This illustration presents the typical man and typical woman of the time spliced together to accentuate the ridiculousness of women’s fashion:
Head on over to BibliOdyssey for more images and source list.
I was delighted to read the New Yorker profile (subscription required) of Bryan and Bryan, the identical twin doubles tennis stars. I’ve long been fascinated with Bryan and Bryan, although I have to say that it’s the same sort of ambiguous fascination that I have with the music of Perry Como where I’m legitimately uncertain to what extent I really appreciate them and to what extent I find them fascinatingly corny, where the dividing line lies between these feelings, and whether that dividing line is actually real or meaningful in the first place. It’s all somewhat confusing. On the plus side, they seem like legitimately nice guys, they’ve almost double-handedly kept doubles tennis alive as a sport, plus they have the cool twin E.S.P. thing going on where they make the same moves on the court at the same time without knowing they’re doing it and defeat more individually-talented tandems of singles stars through their single-organism style of play.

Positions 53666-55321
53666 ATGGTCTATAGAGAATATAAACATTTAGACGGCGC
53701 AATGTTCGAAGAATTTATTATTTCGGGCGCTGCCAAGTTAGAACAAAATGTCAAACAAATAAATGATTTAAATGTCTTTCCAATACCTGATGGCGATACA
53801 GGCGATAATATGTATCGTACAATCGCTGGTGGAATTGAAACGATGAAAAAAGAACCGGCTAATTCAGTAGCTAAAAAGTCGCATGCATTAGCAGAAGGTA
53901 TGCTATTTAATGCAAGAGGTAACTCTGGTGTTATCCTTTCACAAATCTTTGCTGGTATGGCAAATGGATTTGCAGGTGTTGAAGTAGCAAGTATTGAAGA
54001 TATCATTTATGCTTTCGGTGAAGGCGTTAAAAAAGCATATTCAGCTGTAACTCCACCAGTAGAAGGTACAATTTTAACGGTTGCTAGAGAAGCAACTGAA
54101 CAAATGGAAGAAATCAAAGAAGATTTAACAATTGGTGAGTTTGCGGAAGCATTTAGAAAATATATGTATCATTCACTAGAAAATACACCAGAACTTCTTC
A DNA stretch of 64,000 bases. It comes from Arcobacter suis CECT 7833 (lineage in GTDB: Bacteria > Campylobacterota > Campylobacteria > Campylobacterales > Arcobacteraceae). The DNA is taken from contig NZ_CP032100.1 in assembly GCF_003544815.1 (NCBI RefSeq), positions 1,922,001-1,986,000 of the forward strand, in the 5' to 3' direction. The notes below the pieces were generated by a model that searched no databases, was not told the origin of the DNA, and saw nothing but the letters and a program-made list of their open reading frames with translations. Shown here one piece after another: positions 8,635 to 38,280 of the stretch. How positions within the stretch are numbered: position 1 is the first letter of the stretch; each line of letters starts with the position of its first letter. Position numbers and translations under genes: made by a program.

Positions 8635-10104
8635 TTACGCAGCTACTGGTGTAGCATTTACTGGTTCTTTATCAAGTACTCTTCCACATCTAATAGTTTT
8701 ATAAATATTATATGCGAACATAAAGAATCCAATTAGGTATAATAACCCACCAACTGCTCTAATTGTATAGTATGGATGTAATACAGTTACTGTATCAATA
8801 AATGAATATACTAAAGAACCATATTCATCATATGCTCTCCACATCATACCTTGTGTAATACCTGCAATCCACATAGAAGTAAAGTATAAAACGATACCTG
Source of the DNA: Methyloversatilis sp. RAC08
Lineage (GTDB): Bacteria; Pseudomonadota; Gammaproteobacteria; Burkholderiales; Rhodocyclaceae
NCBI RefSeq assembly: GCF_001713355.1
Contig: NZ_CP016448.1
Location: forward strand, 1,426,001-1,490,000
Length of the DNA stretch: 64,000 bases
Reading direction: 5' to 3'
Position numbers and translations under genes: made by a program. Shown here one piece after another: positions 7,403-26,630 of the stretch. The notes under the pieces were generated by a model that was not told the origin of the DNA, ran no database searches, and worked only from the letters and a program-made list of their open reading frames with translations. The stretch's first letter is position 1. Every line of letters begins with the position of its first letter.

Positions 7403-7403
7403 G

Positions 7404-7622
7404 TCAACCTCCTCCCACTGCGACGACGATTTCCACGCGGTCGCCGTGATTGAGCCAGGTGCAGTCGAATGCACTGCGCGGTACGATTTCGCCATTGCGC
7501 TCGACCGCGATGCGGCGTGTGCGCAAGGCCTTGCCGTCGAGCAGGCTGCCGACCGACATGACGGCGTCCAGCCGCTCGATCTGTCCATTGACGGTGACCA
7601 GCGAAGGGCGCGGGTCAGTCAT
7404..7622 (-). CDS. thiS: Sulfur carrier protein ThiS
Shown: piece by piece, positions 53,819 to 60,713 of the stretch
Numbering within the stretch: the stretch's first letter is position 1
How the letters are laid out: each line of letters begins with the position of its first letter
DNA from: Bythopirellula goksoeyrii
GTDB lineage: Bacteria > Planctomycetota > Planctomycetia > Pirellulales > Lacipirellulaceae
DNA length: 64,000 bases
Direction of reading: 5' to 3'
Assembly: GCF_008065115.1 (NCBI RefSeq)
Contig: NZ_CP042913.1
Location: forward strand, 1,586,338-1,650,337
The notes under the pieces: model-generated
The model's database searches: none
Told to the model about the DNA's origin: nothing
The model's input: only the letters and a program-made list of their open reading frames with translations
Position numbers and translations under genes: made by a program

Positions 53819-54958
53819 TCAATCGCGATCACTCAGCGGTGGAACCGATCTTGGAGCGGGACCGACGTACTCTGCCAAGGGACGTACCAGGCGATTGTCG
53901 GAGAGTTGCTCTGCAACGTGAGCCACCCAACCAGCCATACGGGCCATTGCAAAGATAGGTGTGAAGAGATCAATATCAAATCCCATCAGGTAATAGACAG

On the other hand, there’s just something about them that exudes a sense of all-American ham. Perhaps this feeling has its roots in the observation of their clean-cut twinny appearance, or in their boring names (‘Mike’ and ‘Bob’). But, whatever its origin, your suspicion feels well-founded by the time you read the New Yorker’s commentary on their musical activities: ‘… the twins ran through one of their own, tennis-themed power ballads– “I can’t be broken again. I’ve got to hold on now.”‘ Yikes. That’s up their with Dirk Diggler and Chest Rockwell’s fledgling recording career in Boogie Nights.
The real thing that mesmerized me about Bryan and Bryan in the first place was their signature on-court chestbump celebration, a quirk that marries both their lovable exuberance and harder-to-take-seriously sides together in one glorious, goofy expression. [Grammatical note: ‘Chest bump’ is officially spelled as two words, but I’m putting them together for editorial effect, to make it seem like a familiar part of our cultural landscape.] Part of the magic of the chestbump is that they seem to launch into it via the same twin E.S.P.– it’s not like they exchange a knowing glance and go into it, or like one brother leans towards the other suggestively to initiate it. It’s more like, they win a point and suddenly – bang! – chests are bumping.